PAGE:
The Patient Perspective—Patient-Reported Outcome Measures (PROMs)

In order to capture the full impact of psoriatic disease on an individual’s physical and psychological well-being, there has been a paradigm shift in recent years towards the use of outcome measures which encompass real-life outcomes important to patients alongside the validated metrics already mentioned [25]. Patient-Reported Outcome Measures (PROMs) are derived directly from patients and have been found to be reliable indicators of disease status and predictors of long-term outcomes [3335]. This review will now focus on tools available to assess the impact of psoriatic disease on patients, their ability to work, and satisfaction with treatment.

Measuring the Impact of Psoriatic Disease from a Patient’s Perspective

The Psoriatic Arthritis Impact of Disease (PsAID) questionnaire was recently developed by the European League Against Rheumatism (EULAR) taskforce and aims to reflect the impact of PsA from the patient perspective [36]. This patient-derived outcome measure is specific to PsA and is quick and simple to perform. It encompasses 12 domains, which address physical and psychological aspects of psoriatic disease, such as work, fatigue, and physical function. Each domain is assessed by a single question with patient response on a numeric rating scale 0–10, with higher results indicating a more severe condition. Each domain carries a different weight, with pain having the greatest effect [36]. Two versions of the PsAID questionnaire have been developed: the 12-item questionnaire (PSAID12) for clinical practice and a nine-item questionnaire (PSAID9) for use in clinical trials. The cut-off value for a patient-acceptable symptom state is ≤ 4 for both scores [36].
The PSAID questionnaire was validated in an international cross-sectional and longitudinal study of more than 470 patients, across 13 countries and was shown to have high reliability, generalizability, and strong correlation with patient global assessment (PGA) [36]. Holland et al. conducted a prospective cohort study of 129 patients with PsA to further investigate the validity of the PsAID questionnaire and determine the relationship between individual PsAID questions and established PROMs [37]. They concluded that both PSAID9 and PSAID12 questionnaires are reliable measures of impact of disease in PsA and are feasible in clinical practice. The PsAID questionnaire, and the individual items within it, strongly correlate with other PROMs [37]. While this lends support to the notion that conventional PROMs are in fact sensitive to patient concerns, the strong correlation of PsAID across a range of established PROMs could eliminate the need for multiple questionnaires, thereby reducing questionnaire burden for patients and improving feasibility in both clinical and research settings. Similar results were demonstrated in an Italian PsA cohort, with an emphasis on the importance of clinical judgement, in those patients with co-existent fibromyalgia, as this can influence the final PSAID score [38].
While the PsAID questionnaire is not a measure of disease activity, it does have the potential as an outcome measure to enable individualized treatment through the identification and targeting of those aspects of disease deemed most important to each patient. Although the PsAID questionnaire has been found to be sensitive to change [36, 37], independent cohorts and interventional clinical trials, including patients treated with biologic disease-modifying anti-rheumatic drugs (bDMARDs), are needed to further validate the PsAID questionnaire.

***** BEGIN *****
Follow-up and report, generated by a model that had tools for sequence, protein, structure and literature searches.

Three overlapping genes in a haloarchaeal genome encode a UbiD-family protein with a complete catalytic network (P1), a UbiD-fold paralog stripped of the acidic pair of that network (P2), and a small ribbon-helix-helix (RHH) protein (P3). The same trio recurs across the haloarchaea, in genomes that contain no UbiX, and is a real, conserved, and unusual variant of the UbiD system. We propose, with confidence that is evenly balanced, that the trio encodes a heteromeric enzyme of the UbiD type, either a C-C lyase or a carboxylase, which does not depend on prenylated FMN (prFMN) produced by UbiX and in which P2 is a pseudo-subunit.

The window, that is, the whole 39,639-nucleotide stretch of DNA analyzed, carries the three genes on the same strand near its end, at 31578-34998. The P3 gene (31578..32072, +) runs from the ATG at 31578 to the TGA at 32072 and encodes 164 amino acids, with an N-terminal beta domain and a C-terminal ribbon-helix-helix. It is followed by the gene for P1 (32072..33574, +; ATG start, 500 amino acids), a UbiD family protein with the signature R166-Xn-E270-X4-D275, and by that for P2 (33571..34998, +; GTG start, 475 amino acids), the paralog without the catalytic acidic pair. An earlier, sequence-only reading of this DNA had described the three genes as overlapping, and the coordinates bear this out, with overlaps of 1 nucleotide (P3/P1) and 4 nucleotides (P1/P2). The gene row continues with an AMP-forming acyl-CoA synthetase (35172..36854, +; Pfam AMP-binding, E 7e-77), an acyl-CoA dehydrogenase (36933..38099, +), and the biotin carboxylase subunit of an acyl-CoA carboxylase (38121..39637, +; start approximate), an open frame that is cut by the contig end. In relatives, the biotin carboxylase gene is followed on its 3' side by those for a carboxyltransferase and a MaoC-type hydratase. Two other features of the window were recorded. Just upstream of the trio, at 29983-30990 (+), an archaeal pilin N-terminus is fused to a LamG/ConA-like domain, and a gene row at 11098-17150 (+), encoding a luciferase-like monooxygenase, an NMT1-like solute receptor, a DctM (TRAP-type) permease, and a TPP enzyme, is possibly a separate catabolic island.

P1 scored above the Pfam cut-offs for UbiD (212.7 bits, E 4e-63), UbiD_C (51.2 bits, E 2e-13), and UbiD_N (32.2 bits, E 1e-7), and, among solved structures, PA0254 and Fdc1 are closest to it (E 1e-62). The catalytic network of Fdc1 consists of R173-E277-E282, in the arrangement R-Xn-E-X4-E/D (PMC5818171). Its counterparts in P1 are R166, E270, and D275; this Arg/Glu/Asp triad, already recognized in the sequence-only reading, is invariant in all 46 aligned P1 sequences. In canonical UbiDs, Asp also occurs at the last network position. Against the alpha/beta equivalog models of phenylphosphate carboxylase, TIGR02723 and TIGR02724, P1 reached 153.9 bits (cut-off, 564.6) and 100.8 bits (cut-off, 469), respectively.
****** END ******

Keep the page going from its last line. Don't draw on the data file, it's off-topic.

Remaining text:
Work Disability in Psoriatic Arthritis

It is now recognized that work disability (WD) is an important functional outcome for PsA patients [36]. WD encompasses a spectrum of disabilities, ranging from absenteeism (time missed from work due to health reasons), presenteeism (reduced effectiveness at work due to health reasons), productivity loss (absenteeism plus presenteeism) through to unemployment. Levels of unemployment and WD are high in PsA, with unemployment levels ranging from 20 to 50% [3945] and WD as high as 39% [39], and translates into significant individual and societal economic costs [39, 41, 45, 46].
A large multicenter study of 400 PsA patients assessed WD using the Work Productivity and Activity Impairment (WPAI) questionnaire and found that of the 236 participants who were in work, absenteeism, presenteeism, and productivity loss rates were 14, 39, and 46%, respectively. A further 26% of participants were unemployed. Greater age, recent onset of disease, and worse physical function were associated with higher risk of unemployment, while patient-reported employer helpfulness exerted a strongly positive influence on patients remaining in employment [47].
Furthermore, studies have shown that better disease control through the use of anti-TNFs ameliorates work disability in patients with PsA [41, 48, 49], with the LOPAS II study demonstrating a 30% improvement in presenteeism (p < 0.001) and 40% improvement in work productivity (p < 0.001) [48]. These findings suggest that work disability in active PsA is reversible with modern therapy, which could have major implications for both the individual as well as the wider society.
While it is recognized that WD is an important patient-outcome measure and several questionnaires measuring WD are available [50], no consensus exists on which tool to use. This is in part due to the poor correlation between these tools’ ability to estimate components of WD [51] and lack of validation in PsA. The Work Productivity and Activity Impairment (WPAI) questionnaire is one such measure of work productivity. This questionnaire consists of six questions, asking patients to report the degree to which their condition, in this case PsA, has affected their ability to work and perform regular activities over the preceding week. Four outcome measures are generated (absenteeism, presenteeism, productivity loss, and general activity impairment). While the WPAI questionnaire is yet to be validated in PsA, its use is supported by the OMERACT (Outcomes Measures in Rheumatology) group [52] and it is the most patient-favored work-related measure, with 29% of patients reporting it as being the most relevant to them [52].